(Image credit: Edpuzzle)

Prevent Skipping is a useful feature so students can't speed through a video but have to watch it as it plays in order to work through and answer the questions as each one appears. This intelligently pauses the video should a student begin to play it and then tries to open another tab – it won't play out in the background as it forces them to watch.

The ability to embed your voice is a powerful feature as studies have shown students pay three times more attention to a familiar voice.

You can assign videos to be watched at home, where parents are the ones given control of the student's account – something that Edpuzzle has found to be more engaging for students.

Edpuzzle is used by more than half the schools in the U.S. and is fully compliant with FERPA, COPPA, and GDPR laws so you can get involved with peace of mind. But remember to check those videos as Edpuzzle isn't accountable for what you pull in from other sources. 

How much does Edpuzzle cost?

Edpuzzle offers three different pricing options: Free, Pro Teacher, or Schools & Districts

The basic Free plans are available for teachers and students, giving access to more than 5 million videos, the ability to create lessons with questions, audio, and notes. Teachers can see detailed analytics, and have storage space for 20 videos.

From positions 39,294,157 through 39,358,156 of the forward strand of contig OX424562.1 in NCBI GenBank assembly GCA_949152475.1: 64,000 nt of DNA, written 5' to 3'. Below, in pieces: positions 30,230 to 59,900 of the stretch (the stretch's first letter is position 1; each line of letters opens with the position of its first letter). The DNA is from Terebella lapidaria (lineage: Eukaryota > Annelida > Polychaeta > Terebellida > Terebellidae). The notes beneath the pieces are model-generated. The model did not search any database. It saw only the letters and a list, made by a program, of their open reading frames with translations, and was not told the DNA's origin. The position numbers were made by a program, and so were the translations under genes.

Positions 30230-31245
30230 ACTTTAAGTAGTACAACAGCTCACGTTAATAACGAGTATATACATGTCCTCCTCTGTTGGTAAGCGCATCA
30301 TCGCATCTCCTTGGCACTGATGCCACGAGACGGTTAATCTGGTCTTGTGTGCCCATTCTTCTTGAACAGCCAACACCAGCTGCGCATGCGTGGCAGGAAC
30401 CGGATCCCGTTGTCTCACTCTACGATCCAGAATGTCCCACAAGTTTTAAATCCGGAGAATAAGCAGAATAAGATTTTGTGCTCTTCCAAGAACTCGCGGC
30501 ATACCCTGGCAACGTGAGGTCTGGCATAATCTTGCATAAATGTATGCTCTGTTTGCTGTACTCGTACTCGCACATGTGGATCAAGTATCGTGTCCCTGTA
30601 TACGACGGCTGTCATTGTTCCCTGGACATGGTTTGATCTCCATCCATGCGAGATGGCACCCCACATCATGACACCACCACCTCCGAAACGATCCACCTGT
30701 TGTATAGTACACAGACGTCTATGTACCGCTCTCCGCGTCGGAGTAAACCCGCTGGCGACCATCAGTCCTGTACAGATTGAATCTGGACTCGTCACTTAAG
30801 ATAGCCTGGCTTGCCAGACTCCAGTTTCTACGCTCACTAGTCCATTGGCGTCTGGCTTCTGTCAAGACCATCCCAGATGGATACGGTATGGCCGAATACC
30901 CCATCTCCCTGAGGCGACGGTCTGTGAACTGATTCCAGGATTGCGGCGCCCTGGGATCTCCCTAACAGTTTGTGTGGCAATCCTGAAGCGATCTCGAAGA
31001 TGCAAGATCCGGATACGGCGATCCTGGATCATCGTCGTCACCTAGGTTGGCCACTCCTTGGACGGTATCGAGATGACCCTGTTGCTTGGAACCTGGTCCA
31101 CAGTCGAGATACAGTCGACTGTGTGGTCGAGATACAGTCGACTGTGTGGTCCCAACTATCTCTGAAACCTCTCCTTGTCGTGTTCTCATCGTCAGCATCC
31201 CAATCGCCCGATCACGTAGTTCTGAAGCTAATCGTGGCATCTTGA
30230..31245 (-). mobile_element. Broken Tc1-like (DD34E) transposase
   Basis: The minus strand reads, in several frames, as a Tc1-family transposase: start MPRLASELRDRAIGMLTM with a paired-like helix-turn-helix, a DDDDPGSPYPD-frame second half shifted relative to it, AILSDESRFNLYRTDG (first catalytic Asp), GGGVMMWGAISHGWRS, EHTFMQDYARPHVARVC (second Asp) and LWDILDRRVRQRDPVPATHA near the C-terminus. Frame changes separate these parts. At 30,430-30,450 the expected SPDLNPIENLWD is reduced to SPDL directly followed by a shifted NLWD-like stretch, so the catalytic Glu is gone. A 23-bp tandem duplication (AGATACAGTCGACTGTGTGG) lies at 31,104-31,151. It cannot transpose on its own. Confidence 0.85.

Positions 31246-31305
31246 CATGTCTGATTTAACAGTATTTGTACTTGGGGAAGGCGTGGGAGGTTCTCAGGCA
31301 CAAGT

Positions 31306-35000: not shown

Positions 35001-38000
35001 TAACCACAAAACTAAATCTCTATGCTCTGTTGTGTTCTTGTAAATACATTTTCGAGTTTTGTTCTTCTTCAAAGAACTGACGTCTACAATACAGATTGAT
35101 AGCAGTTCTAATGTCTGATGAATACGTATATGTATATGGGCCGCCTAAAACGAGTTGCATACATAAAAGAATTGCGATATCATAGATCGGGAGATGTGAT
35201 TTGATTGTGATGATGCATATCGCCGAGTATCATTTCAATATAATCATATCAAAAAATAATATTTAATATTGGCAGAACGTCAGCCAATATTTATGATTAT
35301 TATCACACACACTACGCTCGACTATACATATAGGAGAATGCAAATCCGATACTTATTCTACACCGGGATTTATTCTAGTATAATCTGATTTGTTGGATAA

The Pro Teacher plan offers all the above and adds unlimited storage space for video lessons and priority customer support. This is charged at $13.50 per month.

The Schools & Districts option is offered on a quote basis and gets you Pro Teacher for everyone, all teachers on the same secure streaming platform, streamlined curriculum across the district, and a dedicated School Success Manager to help train teachers and work on LMS integration.

Luke Edwards is a freelance writer and editor with more than two decades of experience covering tech, science, and health. He writes for many publications covering health tech, software and apps, digital teaching tools, VPNs, TV, audio, smart home, antivirus, broadband, smartphones, cars and much more.